My LSAT Score Versus Yours
- Oct 23, 2009
LSAT scores got released last Friday (and I swear we’re going to shut up about it soon). But what this means is that I’m rapidly developing carpal tunnel syndrome, answering about 8 messages per hour from former students. Most got The Email containing a score that was similar to what they were seeing on practice tests, and were thus not surprised, and for the most part satisfied. Some flourished under the pressure, and saw scores that were until then unseen. And some broke under the pressure, or were tired, or were just having a bad case of the stupids (we’ve all been there), and saw their score drop.
But this LSAT, like all LSATs, will create armies of two different types of people. Pretentious high scorers who now believe they are little Einsteins, and depressed low scorers who now believe they have an extra 21st chromosome. Don’t get me wrong; the vast majority of my students who have gotten super high scores aren’t pretentious, knowing that they worked really hard to get that high score. I’m not talking about you guys. You know who you are. You guys are awesome. Likewise, most people who saw their score drop are fairly levelheaded about it, knowing that it was an issue of performance, and that it doesn’t say anything about their neural connections, or lack thereof. Sadly, not everyone is so grounded.
Firstly, there are those out there who think their high score somehow confirms their genius and thus validates their existence. With these people the LSAT somehow always comes up in conversation, as does their score. You’ve met these people before. They’re the same people who got 2400s on the SAT. Do you know anyone who got a perfect score on the SAT? Probably. Why do you know that they got a perfect score? Because they told someone, either you directly, or someone they knew would spread the word. You know why they spilled the beans? Of course you do. It’s because they feel that it says something good about them, and they know that it will make others feel inferior. It’s the most human thing you can do. (Of course I’m not talking about all people with 2400s. Probably someone you know has this score, but you just don’t know it, because they’re not a shallow enough person to bring it up in conversation.)
It’s the same thing with the person who constantly “lets slip” her 4.0, or, of course, the arrogant prick who is constantly broadcasting his 180. Does it mean he has some sort of intelligence? Sure. But so does being able to use a can opener. Does the fact that he told you his score with little to no prompting mean he’s an asshole? Oh-you-betcha. You’ll find this guy at parties, using his jaws-of-life conversational skills to insert his LSAT score into a conversation. He maintains a second home in the pre-law discussion boards, the king of the tiniest imaginable kingdom. But does his score imply that he really is a genius? If you think this, you truly are retarded.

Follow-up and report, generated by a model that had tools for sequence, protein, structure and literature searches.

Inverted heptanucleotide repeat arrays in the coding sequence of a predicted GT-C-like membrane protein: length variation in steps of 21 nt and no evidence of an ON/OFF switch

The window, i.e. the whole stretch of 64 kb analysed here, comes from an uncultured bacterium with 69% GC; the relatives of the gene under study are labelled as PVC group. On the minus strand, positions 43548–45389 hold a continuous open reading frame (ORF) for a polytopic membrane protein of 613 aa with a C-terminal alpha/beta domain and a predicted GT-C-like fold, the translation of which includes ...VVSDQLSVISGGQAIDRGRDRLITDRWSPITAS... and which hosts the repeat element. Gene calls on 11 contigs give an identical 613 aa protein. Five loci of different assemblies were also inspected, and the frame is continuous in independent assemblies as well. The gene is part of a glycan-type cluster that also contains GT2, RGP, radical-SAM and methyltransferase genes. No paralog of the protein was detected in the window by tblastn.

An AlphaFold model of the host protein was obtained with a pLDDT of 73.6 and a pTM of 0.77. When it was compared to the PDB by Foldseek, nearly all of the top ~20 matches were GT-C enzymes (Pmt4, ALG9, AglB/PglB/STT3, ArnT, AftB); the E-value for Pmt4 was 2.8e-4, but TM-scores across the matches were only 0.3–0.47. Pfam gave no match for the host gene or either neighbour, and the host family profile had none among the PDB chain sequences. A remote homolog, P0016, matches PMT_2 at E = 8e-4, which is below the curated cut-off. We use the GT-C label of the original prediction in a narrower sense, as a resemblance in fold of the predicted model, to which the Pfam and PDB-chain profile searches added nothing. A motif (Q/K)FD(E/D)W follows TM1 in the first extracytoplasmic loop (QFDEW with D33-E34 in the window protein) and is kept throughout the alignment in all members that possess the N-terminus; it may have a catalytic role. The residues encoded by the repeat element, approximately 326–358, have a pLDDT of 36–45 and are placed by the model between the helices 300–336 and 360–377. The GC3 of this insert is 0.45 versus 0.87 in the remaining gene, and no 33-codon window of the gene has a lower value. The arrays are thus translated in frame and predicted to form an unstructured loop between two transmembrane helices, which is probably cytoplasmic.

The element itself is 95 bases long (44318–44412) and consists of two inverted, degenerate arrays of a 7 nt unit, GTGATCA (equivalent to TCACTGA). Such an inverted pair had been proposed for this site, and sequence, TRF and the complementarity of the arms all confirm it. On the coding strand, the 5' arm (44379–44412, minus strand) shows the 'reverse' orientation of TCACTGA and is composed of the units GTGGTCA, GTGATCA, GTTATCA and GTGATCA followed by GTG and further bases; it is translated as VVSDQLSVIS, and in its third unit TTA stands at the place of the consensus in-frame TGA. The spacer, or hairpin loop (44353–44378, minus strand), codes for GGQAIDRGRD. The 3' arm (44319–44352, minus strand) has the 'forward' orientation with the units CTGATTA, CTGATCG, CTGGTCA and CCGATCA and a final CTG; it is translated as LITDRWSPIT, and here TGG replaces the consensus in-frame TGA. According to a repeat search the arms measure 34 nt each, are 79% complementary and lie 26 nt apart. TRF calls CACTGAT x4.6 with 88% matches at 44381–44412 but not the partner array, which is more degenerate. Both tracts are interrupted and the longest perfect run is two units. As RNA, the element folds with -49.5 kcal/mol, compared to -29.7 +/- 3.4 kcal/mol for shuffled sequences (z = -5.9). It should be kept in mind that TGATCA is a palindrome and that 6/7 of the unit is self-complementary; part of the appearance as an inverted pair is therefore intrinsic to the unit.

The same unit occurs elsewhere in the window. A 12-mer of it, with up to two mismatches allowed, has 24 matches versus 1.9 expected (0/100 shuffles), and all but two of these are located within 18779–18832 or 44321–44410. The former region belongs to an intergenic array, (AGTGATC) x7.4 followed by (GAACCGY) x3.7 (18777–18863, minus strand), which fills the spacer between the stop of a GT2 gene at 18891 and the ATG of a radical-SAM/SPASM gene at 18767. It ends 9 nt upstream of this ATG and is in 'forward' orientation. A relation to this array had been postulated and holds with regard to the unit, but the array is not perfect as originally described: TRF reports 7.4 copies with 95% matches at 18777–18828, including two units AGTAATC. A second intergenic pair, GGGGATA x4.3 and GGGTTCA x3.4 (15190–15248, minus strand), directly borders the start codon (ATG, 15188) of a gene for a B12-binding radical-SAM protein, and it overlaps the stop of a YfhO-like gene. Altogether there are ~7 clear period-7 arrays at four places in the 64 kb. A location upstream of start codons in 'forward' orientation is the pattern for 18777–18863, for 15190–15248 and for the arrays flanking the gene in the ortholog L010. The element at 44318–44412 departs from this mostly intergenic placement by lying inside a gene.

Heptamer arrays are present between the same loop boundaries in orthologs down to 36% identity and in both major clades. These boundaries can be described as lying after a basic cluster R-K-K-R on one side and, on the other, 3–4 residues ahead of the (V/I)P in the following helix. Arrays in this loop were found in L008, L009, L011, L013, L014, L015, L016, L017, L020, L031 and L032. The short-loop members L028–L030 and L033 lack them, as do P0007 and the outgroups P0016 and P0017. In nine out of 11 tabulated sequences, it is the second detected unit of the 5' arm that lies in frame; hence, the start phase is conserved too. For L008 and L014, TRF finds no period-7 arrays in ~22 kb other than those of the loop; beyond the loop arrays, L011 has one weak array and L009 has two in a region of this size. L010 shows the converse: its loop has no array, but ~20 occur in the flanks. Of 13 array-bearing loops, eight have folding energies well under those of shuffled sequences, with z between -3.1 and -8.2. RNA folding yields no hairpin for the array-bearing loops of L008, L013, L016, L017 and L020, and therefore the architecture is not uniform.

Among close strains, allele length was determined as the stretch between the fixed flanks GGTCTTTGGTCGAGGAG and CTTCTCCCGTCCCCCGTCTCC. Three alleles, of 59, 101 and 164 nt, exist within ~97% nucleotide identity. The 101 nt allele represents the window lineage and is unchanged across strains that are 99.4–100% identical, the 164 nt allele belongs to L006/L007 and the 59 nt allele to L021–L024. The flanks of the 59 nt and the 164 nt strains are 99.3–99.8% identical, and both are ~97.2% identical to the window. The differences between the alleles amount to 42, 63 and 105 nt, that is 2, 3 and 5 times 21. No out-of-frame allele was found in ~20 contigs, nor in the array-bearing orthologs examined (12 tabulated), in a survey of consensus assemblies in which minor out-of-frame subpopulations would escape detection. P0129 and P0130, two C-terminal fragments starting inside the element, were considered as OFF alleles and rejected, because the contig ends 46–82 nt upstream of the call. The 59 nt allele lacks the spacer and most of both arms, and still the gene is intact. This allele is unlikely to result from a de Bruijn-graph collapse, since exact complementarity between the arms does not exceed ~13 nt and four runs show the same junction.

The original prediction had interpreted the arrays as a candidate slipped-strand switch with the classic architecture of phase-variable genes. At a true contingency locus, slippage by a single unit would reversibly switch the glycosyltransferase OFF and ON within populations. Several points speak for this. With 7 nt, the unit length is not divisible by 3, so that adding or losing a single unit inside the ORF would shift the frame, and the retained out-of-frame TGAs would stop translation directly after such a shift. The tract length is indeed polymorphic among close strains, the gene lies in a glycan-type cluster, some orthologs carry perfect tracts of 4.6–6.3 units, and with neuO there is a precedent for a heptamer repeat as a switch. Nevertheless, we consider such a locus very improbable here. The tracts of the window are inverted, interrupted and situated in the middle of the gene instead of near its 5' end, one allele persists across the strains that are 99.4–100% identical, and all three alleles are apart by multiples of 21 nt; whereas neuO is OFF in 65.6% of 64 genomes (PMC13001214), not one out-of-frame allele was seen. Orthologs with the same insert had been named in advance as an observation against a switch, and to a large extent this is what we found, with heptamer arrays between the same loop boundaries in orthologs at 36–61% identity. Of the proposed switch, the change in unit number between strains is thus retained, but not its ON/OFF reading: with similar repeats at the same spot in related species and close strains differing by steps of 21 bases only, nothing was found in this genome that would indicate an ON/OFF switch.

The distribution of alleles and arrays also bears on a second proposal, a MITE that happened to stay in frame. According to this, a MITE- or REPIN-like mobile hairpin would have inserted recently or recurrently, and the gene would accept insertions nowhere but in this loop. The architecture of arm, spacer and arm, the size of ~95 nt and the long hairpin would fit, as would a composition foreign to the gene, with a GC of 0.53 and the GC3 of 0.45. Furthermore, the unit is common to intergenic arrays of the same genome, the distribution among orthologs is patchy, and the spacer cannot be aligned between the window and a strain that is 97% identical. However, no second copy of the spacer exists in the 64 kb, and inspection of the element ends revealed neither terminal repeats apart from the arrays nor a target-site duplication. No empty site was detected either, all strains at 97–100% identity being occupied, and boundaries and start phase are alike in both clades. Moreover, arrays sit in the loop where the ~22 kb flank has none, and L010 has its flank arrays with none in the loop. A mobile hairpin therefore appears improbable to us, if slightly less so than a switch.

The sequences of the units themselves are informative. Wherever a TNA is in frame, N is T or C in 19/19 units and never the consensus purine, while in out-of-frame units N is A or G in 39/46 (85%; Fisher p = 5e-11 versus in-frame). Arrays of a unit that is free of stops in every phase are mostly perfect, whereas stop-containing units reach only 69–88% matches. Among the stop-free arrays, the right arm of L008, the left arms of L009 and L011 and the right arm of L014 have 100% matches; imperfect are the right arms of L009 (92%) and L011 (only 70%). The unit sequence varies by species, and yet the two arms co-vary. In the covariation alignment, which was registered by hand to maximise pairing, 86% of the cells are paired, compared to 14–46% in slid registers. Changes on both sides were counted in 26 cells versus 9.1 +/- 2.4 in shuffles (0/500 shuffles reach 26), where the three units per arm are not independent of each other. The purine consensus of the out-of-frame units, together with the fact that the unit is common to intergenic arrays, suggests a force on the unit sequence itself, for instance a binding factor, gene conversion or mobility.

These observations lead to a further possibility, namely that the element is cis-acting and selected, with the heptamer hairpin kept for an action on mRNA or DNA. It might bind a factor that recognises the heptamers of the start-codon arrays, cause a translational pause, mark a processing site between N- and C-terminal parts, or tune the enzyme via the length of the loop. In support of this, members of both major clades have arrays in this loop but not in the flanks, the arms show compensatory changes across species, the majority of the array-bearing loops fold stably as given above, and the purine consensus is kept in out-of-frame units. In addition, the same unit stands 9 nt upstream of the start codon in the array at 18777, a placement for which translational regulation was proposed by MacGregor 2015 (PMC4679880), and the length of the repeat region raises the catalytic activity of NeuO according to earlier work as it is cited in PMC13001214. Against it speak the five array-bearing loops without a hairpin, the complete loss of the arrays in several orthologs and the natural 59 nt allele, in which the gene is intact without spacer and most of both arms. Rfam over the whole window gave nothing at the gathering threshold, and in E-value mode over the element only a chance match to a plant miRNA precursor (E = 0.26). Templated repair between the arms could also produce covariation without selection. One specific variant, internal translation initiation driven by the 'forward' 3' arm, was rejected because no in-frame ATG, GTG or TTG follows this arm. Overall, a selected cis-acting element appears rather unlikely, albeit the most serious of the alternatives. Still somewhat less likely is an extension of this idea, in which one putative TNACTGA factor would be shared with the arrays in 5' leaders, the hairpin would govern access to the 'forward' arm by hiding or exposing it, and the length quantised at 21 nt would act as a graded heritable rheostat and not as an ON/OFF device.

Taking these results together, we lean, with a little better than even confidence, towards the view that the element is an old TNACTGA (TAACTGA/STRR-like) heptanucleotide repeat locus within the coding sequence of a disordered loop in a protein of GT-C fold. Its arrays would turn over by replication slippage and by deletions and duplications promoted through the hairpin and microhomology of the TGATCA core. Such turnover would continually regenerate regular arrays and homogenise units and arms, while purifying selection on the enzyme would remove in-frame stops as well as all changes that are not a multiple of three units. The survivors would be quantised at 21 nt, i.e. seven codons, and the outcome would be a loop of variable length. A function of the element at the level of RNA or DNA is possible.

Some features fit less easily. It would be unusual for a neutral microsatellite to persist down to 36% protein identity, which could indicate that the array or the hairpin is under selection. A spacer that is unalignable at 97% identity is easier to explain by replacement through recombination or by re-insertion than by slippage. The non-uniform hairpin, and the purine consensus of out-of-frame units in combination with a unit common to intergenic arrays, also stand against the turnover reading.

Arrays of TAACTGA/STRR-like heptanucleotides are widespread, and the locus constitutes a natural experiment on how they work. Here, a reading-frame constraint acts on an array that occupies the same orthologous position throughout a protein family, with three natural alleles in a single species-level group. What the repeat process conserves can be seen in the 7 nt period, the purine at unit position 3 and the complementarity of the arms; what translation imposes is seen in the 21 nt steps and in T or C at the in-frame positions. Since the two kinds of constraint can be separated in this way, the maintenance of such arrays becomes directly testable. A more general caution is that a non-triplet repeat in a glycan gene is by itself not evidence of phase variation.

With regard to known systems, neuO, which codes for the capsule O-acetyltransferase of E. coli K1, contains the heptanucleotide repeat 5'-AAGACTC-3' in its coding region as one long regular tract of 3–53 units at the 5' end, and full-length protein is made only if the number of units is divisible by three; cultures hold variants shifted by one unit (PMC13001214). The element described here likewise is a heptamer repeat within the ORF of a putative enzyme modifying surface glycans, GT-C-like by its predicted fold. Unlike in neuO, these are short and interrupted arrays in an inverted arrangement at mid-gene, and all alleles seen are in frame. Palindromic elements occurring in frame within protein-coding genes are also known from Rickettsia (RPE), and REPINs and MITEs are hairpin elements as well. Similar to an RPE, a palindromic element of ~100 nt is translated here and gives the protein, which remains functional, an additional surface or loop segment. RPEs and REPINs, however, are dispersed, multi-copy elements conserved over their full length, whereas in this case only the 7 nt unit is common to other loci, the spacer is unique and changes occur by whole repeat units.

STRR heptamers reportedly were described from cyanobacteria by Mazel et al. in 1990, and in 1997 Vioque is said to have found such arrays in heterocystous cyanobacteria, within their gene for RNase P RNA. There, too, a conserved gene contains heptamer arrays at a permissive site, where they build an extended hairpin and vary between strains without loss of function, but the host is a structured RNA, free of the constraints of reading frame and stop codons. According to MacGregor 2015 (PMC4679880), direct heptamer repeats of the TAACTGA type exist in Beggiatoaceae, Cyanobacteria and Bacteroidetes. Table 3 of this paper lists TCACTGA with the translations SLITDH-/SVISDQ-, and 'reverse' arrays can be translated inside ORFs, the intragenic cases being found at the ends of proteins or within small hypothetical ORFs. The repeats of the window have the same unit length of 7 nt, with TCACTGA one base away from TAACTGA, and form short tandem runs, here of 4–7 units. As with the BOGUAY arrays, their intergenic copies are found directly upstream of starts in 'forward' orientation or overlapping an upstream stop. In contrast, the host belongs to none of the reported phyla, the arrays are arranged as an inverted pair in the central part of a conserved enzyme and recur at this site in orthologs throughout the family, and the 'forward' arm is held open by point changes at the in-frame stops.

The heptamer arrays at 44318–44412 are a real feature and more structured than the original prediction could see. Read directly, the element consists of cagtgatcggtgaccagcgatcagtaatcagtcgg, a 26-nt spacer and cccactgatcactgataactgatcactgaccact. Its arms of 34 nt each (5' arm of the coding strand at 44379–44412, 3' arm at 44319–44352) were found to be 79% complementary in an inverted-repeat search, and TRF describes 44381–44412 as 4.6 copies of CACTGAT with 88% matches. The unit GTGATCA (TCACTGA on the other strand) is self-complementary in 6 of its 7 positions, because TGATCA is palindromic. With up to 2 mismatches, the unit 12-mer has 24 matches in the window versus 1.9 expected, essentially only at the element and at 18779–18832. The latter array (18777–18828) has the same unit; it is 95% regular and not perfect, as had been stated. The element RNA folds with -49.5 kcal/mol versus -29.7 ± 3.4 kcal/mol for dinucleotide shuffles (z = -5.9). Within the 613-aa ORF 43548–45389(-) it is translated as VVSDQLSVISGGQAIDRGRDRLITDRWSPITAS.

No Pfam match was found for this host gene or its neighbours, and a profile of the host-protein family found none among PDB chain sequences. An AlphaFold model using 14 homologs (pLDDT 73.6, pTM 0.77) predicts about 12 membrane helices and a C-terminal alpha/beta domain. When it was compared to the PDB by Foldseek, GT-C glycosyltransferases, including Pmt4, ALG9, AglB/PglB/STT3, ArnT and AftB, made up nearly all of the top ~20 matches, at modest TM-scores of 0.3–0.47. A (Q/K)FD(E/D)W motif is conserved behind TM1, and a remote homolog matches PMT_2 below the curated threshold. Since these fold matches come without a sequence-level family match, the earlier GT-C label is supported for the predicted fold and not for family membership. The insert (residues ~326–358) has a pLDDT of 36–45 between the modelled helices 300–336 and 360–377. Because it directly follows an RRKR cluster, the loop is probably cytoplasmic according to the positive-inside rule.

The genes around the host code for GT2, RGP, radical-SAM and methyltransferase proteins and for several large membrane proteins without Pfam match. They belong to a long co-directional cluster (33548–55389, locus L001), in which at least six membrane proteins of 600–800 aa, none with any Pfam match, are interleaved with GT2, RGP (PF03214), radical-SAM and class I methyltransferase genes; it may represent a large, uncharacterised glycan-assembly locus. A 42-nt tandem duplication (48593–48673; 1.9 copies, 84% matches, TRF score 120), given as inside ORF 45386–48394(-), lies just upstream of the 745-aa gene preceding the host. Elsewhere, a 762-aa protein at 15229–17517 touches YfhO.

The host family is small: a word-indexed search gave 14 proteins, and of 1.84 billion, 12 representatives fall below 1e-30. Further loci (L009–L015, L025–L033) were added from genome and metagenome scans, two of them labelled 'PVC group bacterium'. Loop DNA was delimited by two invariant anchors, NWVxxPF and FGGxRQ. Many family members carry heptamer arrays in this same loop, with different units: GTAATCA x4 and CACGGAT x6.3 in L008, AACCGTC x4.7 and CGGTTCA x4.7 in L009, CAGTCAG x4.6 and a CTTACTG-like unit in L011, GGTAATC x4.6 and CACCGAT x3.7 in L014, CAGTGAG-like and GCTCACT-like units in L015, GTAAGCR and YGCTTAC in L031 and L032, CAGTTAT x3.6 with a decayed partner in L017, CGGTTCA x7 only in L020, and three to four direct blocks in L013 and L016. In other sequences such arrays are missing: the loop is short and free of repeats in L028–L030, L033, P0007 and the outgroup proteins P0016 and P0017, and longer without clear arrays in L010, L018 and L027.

It’s true that most people respond to these people and their high numbers with feelings of inferiority, or, at the very least, with admiration. “Ohh, she got a 180? She must be so smart!” This is idiotic. Doing well at the LSAT is a skill. If you’re super smart, it might (might) make the acquisition of this skill somewhat speedier, and I would say that people who get a 175+ on their first diagnostic are probably pretty quick. But it’s a skill nonetheless, like doing well at Dance Dance Revolution. If you put a ballerina on a DDR machine, would she get a high score? Probably, I guess; ballerinas are pretty coordinated. But if I did DDR right now, would I get a high score? I’m a fat piece of shit, and I’d probably break the machine. But if I practiced a whole hell of a lot, could I do it? Of course (but I do mean a whole hell of a lot). The vast majority of people with excellent scores got them through hard work and studying, not because they were some sort of genius ballerina. That’s how I did it. I’ve had students get accepted into Yale, Stanford, Harvard, and everywhere else, and that’s how they did it, too.